News publications and other organizations are encouraged to reuse Direct Relief-published content for free under a Creative Commons License (Attribution-Non-Commercial-No Derivatives 4.0 International), given the republisher complies with the requirements identified below.

When republishing:

  • Include a byline with the reporter’s name and Direct Relief in the following format: "Author Name, Direct Relief." If attribution in that format is not possible, include the following language at the top of the story: "This story was originally published by Direct Relief."
  • If publishing online, please link to the original URL of the story.
  • Maintain any tagline at the bottom of the story.
  • With Direct Relief's permission, news publications can make changes such as localizing the content for a particular area, using a different headline, or shortening story text. To confirm edits are acceptable, please check with Direct Relief by clicking this link.
  • If new content is added to the original story — for example, a comment from a local official — a note with language to the effect of the following must be included: "Additional reporting by [reporter and organization]."
  • If republished stories are shared on social media, Direct Relief appreciates being tagged in the posts:
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Republishing Images:

Unless stated otherwise, images shot by Direct Relief may be republished for non-commercial purposes with proper attribution, given the republisher complies with the requirements identified below.

  • Maintain correct caption information.
  • Credit the photographer and Direct Relief in the caption. For example: "First and Last Name / Direct Relief."
  • Do not digitally alter images.

Direct Relief often contracts with freelance photographers who usually, but not always, allow their work to be published by Direct Relief’s media partners. Contact Direct Relief for permission to use images in which Direct Relief is not credited in the caption by clicking here.

Other Requirements:

  • Do not state or imply that donations to any third-party organization support Direct Relief's work.
  • Republishers may not sell Direct Relief's content.
  • Direct Relief's work is prohibited from populating web pages designed to improve rankings on search engines or solely to gain revenue from network-based advertisements.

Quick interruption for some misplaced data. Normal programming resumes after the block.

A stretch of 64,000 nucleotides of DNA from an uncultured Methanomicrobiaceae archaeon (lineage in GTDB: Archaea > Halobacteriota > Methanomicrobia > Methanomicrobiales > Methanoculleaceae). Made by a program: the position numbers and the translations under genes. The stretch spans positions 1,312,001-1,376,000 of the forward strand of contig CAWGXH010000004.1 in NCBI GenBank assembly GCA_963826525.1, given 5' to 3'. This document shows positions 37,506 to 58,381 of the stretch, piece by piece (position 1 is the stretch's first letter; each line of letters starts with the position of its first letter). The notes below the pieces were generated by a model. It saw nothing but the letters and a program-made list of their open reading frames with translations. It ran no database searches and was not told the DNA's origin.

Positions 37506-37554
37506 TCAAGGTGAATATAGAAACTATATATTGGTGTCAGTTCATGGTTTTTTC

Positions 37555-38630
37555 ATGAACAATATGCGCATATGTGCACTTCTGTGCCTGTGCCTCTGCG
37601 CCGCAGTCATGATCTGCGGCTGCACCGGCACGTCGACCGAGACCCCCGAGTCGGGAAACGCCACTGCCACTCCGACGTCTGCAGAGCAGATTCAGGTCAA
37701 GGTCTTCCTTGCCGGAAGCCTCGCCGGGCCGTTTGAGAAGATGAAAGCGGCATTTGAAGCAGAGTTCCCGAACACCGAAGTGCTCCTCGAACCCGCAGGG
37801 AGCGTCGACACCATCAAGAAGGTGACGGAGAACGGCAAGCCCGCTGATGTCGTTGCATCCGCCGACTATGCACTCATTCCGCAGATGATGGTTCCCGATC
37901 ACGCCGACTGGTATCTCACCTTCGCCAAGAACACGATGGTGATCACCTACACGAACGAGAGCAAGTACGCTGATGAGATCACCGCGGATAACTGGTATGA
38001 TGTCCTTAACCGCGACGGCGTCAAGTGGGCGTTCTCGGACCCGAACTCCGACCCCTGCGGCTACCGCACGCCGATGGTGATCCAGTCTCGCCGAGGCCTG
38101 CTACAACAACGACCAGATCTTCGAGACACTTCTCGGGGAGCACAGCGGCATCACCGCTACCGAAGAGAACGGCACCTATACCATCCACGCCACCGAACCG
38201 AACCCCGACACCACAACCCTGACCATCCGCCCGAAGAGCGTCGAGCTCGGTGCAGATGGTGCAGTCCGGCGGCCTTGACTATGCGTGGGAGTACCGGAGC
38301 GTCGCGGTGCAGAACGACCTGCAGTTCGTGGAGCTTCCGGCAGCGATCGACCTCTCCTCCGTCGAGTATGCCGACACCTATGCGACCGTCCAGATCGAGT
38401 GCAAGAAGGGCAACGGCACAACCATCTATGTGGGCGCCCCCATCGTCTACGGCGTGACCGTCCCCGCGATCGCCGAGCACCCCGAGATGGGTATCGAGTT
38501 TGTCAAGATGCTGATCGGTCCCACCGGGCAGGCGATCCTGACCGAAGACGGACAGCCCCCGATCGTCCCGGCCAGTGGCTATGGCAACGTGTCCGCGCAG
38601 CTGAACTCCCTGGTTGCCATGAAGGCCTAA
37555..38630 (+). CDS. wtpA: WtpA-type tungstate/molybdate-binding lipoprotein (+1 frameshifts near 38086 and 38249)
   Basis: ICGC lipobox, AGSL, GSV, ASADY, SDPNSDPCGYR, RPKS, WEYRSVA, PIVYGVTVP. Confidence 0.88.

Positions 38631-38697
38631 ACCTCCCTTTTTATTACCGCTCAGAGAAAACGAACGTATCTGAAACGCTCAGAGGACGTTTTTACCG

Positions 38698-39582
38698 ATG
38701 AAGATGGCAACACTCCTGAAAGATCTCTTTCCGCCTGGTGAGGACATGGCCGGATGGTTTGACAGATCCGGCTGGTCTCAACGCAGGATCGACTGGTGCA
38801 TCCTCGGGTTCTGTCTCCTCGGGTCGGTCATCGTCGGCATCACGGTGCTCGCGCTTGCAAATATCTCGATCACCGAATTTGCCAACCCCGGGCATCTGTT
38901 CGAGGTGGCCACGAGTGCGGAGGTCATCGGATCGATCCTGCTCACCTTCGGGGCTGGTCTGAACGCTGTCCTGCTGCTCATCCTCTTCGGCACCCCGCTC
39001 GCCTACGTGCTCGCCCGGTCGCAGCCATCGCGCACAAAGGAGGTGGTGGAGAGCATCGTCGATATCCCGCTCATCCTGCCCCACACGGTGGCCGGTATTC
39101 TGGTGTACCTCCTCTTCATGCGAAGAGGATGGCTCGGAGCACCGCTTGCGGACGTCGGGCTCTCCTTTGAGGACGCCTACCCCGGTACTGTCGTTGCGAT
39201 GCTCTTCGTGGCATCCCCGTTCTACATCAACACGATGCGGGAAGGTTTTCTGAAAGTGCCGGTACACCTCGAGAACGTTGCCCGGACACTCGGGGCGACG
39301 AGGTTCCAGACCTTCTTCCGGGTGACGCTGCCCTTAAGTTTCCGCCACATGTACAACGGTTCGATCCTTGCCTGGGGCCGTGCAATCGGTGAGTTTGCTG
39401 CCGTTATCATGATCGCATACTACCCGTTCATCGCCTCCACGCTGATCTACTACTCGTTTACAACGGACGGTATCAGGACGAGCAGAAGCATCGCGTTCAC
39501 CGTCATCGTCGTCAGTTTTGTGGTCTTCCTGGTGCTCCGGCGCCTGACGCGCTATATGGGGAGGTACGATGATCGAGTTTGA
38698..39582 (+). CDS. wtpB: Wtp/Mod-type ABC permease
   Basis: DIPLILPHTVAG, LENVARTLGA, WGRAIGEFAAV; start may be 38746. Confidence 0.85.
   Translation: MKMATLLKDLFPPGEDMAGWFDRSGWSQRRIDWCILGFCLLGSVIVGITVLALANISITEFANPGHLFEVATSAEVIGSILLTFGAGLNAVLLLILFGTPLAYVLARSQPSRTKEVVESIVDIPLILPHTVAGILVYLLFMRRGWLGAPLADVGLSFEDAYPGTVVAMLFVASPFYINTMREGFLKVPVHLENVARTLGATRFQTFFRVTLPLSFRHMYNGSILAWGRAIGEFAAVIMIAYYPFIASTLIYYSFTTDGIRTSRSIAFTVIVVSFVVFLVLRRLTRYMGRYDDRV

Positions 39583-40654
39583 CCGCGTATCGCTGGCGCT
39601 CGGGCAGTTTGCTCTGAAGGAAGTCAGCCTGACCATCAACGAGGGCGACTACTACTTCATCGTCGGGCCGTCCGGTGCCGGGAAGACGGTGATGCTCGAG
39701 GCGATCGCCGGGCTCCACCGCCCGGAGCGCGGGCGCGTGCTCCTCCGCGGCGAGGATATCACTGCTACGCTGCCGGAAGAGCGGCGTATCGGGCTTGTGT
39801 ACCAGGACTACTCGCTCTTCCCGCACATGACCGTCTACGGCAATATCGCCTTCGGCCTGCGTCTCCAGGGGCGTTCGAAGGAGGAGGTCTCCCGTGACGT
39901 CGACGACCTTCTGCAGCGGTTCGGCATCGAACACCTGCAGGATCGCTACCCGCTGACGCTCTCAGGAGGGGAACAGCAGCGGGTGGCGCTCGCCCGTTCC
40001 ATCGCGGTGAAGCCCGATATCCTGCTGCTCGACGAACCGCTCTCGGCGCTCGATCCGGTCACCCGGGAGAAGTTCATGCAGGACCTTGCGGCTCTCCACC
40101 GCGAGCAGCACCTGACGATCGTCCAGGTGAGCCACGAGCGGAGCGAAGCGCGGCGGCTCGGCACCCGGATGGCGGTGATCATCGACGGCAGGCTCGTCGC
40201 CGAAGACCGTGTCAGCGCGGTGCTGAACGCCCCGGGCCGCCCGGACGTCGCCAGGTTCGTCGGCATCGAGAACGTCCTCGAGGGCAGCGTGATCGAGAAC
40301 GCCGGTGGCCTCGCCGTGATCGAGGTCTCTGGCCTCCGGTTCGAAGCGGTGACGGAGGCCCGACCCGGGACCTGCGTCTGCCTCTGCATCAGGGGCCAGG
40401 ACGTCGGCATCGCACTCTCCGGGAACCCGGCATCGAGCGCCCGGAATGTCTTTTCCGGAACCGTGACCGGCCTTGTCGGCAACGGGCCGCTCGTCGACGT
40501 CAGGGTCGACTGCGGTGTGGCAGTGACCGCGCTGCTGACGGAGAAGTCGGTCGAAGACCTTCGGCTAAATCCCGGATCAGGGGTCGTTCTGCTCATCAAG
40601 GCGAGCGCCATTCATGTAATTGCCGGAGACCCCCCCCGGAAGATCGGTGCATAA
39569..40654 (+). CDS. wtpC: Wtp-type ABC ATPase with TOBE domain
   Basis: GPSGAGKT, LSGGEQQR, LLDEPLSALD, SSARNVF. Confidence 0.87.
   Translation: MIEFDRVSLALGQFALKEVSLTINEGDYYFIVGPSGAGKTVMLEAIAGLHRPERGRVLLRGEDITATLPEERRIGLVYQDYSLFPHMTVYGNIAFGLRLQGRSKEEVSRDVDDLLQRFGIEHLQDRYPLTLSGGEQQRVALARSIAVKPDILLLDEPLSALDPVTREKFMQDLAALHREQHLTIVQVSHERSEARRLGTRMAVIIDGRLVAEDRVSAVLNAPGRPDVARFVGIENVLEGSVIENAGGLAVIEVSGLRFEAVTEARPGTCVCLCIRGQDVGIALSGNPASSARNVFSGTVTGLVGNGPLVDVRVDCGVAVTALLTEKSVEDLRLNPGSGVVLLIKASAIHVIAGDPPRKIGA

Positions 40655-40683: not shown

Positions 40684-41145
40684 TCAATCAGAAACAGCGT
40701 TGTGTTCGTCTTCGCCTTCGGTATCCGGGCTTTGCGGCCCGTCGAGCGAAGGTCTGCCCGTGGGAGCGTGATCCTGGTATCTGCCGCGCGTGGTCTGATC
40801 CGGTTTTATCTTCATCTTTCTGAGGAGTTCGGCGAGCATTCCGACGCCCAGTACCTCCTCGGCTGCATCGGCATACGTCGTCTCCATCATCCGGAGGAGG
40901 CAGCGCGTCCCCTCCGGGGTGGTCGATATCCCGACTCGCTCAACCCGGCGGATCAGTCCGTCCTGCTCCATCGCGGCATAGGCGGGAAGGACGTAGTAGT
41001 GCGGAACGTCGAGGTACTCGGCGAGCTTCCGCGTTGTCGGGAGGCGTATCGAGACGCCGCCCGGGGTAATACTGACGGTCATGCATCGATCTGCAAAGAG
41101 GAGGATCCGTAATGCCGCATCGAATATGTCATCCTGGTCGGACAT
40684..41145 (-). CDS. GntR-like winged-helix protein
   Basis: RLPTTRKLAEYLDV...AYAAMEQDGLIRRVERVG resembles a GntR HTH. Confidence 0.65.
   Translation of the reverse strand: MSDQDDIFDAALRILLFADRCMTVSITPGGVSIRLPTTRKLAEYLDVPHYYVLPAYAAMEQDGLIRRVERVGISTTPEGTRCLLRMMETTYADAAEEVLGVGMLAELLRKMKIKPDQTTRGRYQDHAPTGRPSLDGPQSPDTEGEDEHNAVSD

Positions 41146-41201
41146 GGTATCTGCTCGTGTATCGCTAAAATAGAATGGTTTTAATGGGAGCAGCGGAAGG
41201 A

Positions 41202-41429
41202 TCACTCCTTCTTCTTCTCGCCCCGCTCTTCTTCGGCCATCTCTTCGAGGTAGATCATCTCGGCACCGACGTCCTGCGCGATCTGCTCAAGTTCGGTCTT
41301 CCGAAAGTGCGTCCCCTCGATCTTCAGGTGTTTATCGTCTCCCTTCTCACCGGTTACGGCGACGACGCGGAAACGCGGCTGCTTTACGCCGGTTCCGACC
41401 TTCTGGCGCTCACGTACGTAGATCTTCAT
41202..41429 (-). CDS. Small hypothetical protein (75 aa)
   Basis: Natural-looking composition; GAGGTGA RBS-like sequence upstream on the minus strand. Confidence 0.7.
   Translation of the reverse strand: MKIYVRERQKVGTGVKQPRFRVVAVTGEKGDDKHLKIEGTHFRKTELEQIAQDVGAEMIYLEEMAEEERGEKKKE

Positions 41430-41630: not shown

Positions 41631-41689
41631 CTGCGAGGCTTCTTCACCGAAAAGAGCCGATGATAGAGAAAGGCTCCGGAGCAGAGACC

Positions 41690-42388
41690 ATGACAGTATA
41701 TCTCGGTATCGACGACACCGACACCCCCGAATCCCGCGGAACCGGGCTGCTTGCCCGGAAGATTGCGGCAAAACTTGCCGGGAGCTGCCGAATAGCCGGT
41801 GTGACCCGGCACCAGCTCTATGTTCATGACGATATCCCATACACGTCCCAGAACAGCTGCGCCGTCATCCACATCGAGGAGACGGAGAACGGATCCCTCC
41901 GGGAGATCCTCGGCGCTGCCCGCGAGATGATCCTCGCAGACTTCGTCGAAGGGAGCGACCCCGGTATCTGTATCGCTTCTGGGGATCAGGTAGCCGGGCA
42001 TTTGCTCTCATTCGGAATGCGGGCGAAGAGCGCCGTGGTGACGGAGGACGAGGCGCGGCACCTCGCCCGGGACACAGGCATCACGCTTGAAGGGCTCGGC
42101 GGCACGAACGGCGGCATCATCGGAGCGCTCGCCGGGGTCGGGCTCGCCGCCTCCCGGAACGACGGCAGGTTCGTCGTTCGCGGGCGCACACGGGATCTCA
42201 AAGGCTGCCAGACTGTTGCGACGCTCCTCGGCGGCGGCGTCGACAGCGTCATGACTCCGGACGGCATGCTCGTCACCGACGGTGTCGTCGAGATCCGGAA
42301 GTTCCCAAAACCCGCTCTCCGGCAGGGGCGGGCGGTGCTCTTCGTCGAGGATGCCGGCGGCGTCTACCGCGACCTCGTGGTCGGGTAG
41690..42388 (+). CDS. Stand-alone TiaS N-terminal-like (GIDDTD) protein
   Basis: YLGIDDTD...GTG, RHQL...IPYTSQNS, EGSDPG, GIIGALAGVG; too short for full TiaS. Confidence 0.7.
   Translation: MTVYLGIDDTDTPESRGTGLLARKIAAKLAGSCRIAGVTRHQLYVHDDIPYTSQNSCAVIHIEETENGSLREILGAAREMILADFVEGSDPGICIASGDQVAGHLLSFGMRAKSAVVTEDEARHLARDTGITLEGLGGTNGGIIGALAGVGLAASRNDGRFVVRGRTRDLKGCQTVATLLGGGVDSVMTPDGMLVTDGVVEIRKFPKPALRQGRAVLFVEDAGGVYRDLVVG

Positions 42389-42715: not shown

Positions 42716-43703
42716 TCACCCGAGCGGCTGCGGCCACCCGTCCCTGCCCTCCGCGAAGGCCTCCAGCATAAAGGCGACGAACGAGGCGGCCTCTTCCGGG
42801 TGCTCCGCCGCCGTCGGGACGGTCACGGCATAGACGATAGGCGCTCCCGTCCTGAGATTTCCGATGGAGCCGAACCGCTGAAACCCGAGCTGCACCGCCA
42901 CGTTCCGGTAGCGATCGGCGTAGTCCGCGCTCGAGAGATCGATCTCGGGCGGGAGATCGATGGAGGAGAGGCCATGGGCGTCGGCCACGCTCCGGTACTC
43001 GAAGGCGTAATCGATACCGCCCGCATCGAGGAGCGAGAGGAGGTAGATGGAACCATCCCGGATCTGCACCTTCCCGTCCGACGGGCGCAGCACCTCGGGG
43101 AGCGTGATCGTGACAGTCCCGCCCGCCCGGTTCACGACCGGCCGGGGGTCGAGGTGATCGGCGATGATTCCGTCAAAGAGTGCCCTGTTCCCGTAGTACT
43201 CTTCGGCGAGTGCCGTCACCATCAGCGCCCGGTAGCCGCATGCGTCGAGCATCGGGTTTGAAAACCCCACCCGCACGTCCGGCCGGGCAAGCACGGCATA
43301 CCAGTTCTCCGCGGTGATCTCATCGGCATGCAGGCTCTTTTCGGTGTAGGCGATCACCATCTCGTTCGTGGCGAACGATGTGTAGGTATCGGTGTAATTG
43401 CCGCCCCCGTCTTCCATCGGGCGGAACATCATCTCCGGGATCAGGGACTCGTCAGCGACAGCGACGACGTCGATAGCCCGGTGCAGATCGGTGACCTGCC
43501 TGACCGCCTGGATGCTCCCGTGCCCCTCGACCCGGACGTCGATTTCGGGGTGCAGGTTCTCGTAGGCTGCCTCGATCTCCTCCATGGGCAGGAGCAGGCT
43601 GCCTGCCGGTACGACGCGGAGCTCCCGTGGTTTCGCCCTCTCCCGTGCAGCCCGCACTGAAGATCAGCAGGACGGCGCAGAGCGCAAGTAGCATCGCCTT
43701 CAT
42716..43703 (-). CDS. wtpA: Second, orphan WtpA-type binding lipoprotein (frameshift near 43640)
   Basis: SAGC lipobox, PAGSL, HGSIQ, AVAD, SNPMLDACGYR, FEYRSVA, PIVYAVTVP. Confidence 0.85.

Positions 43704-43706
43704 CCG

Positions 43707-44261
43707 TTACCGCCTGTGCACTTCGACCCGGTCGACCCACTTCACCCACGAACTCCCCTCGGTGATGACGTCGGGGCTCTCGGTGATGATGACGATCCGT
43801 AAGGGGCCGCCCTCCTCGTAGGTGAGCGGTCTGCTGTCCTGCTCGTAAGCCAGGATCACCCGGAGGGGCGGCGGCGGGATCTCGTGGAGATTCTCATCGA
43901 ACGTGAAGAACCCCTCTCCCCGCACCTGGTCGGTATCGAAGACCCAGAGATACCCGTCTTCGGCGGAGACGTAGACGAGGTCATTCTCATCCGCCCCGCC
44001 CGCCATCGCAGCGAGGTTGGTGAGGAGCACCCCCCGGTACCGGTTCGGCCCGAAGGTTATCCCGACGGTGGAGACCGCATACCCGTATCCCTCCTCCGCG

• Advance permission is required to translate Direct Relief's stories into a language different from the original language of publication. To inquire, contact us here.
  • If Direct Relief requests a change to or removal of republished Direct Relief content from a site or on-air, the republisher must comply.

For any additional questions about republishing Direct Relief content, please email the team here.

Coding for a Cause: Women’s Hackathon Teams Simulate Disaster Response


This is a from the field report from Direct Relief’s Director of Research and Analytics, Andrew Schroeder: 

This past Saturday in Phoenix, Arizona I had the honor and the pleasure of helping out with one of a series of events being held around the world as part of Microsoft’s 3rd International Women’s Hackathon.  The young women huddled around tables and laptops in Phoenix were part of an enormous global community ranging from the U.S. to Europe to Nepal, Japan and many other locations.

The purpose of the Microsoft hackathons is to help motivate young women to become more engaged in information technology as a career path, and in the process to help develop new applications for non-governmental organizations (NGOs) to use technology for social good.

On behalf of Direct Relief, I put together one of this year’s two challenges posed to the women involved in these events — to design a computer game simulation which can help both disaster responders and the general public think more clearly and creatively about how disaster response operations work and why they are so difficult to do well.

Games can enable situated, practical knowledge by allowing players to experience a set of dynamic events which respond to their choices and actions. We can use real data from past events to model how disasters impact people, infrastructures and environments, and how response actors set up various types of programs, from shelter to food to water, sanitation and healthcare, under constraints of time, money and information.  How do players collaborate and cooperate to overcome those constraints?  Why does collaboration break down? What sorts strategies exist to know more, to share that knowledge, to act more efficiently, and to improve the benefits to local people affected by emergencies?

One of the most exciting parts of these events is watching these smart and dedicated young women come up with unanticipated ideas and solutions. The group which won in Phoenix developed a concept for a virtual board game in which players would solve disaster relief problems, have the ability to form collaborative groups, and develop strategies for trading information and resources to improve their chances of helping more people. While I had not personally considered the viability of a board game format, their solution was thoughtful, creative, fun and promising.

The Microsoft hackathons will be ongoing around the world throughout the rest of this year. Participants in any of them will have the opportunity to continue virtually developing and elaborating on projects which take shape in the crucible of the in-person hackathons.

As Direct Relief continues to apply a variety of different technologies to improve the health and wellbeing for poor and socially vulnerable communities affected by disasters worldwide, the Microsoft women’s hackathons are an exciting opportunity for us to inspire exploration, invention and motivation to change the world for the better.

Watch the video to learn more.

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